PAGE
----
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Story by Spc. Brett Hornback, 133rd Mobile Public Affairs Detachment
FRANKFORT, Ky. - Equal Opportunity Representatives from units across the state participated in the Kentucky National Guard's first ever statewide diversity and implicit bias training course the week of July 20.
The Kentucky National Guard is taking steps to unify its members
through education and inclusivity.
Pastor Edward L. Palmer Sr. with The Sign of the Dove Church in Radcliff, Ky., led the training.
Pastor Palmer is a former Army
Infantryman and a certified diversity trainer who has worked with
leaders in the executive and legislative branches of the Kentucky state
government. By informing others of cultural topics such as cultural competence
and implicit bias, Pastor Palmer has helped facilitate conversations that led
others to gain a greater understanding of the underlying issues of
The Kentucky National Guard believes eradicating the issue
of racism within its ranks will require leaders to designate times in which
Soldiers are encouraged to learn and discuss cultural factors that can and have
led to discrimination.
“Starting the dialogue is the first step, so we can take on the
issue of racism in the same context that we do any other leadership challenge,”
said Kentucky Air National Guard Chief of Staff, Brig. Gen. Charles M. Walker.
The diversity training provided leaders in the Kentucky National
Guard with the education needed to participate in these dialogues. One of the
main concepts taught in the training is the idea of implicit bias.
According to Pastor Palmer, implicit bias refers to assumptions or
stereotypes that go unnoticed in one’s thought life. These assumptions
oftentimes unconsciously affect the way an individual treats another person whose
culture is different from their own.
Palmer encouraged those present in the training to split into
groups and answer a series of questions using their individual experience
within their culture. He asked questions like ‘who was served first at supper
in your family?’ and ‘what traditions and celebrations did your family practice
during the birth of a child?’ Palmer began conversations about various
ways of life among the soldiers in the National Guard and made them aware
of the dangers of implicit bias.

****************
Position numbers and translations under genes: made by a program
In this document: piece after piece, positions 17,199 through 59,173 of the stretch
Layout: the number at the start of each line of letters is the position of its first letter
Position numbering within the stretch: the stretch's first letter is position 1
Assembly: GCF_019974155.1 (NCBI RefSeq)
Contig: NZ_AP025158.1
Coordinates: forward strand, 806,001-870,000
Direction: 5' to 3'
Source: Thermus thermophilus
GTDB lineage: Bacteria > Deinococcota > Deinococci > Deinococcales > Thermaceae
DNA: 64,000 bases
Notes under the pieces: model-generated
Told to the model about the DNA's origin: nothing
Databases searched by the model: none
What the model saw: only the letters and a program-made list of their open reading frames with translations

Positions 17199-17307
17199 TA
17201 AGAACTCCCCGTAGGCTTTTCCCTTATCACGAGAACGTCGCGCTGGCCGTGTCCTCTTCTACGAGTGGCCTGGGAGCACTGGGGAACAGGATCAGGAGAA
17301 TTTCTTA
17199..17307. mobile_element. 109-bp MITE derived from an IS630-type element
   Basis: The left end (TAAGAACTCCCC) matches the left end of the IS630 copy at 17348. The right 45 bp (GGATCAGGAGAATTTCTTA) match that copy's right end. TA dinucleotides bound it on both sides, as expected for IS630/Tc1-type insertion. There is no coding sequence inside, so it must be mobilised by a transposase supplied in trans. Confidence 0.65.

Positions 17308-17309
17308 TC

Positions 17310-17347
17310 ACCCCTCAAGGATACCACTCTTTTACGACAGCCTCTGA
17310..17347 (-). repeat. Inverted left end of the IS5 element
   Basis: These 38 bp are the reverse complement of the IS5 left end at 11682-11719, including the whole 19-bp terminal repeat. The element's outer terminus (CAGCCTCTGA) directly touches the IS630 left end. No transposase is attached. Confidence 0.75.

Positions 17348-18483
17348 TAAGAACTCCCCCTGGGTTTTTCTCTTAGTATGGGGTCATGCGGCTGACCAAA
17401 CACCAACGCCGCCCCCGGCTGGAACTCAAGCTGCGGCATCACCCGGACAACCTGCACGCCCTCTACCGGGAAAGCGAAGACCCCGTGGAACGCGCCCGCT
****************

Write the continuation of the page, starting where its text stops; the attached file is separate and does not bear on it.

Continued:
“Our own culture could create a barrier to gaining understanding,
and a tolerance of others whose culture differs from ours,” said Palmer.
Palmer says when cultural barriers are maintained and an
individual refuses to understand someone else’s culture, a cultural collision
is created. These collisions are at the core of racist
However, not all misunderstandings between people of different
cultures is intentional. Implicit bias goes undetected by many. This is why the
leaders of the KYNG have sought to protect and unify all Guardsmen
As diversity training and open dialogues are encouraged among Soldiers,
leaders anticipate a steady shift into a different atmosphere within the
Kentucky National Guard, one of unity not despite but because of diversity.
“Acknowledging and understanding all these things are part of the
responsibility of leaders, to appreciate not just the cultural aspects but
interacting in a way that can make everyone a part of the team,” said Walker.
Soldiers present at the diversity training were challenged to
emulate the training within their respective units.
“After he training we received from Pastor
Palmer, I couldn't wait to start working with my fellow EO professionals
throughout the state to create a similar dynamic and interactive training that will
give our Soldiers and Airmen the vocabulary, the facts and the platform to talk
with each other and their loved ones about the issues our country, and in
extension our organization, are facing right now,” said Sgt. 1st Class
Rebecca Wood with the 149th Maneuver Enhancement Brigade.
With the strategic education of diversity training, Kentucky
Guardsmen will be better equipped to recognize and fight the enemy of racism. The future
of the Kentucky National Guard is secure in the hope of unity and diversity. We
are better together.
“We can't change what happened in the past but we can change the
dialogue now and create a better future," said Wood.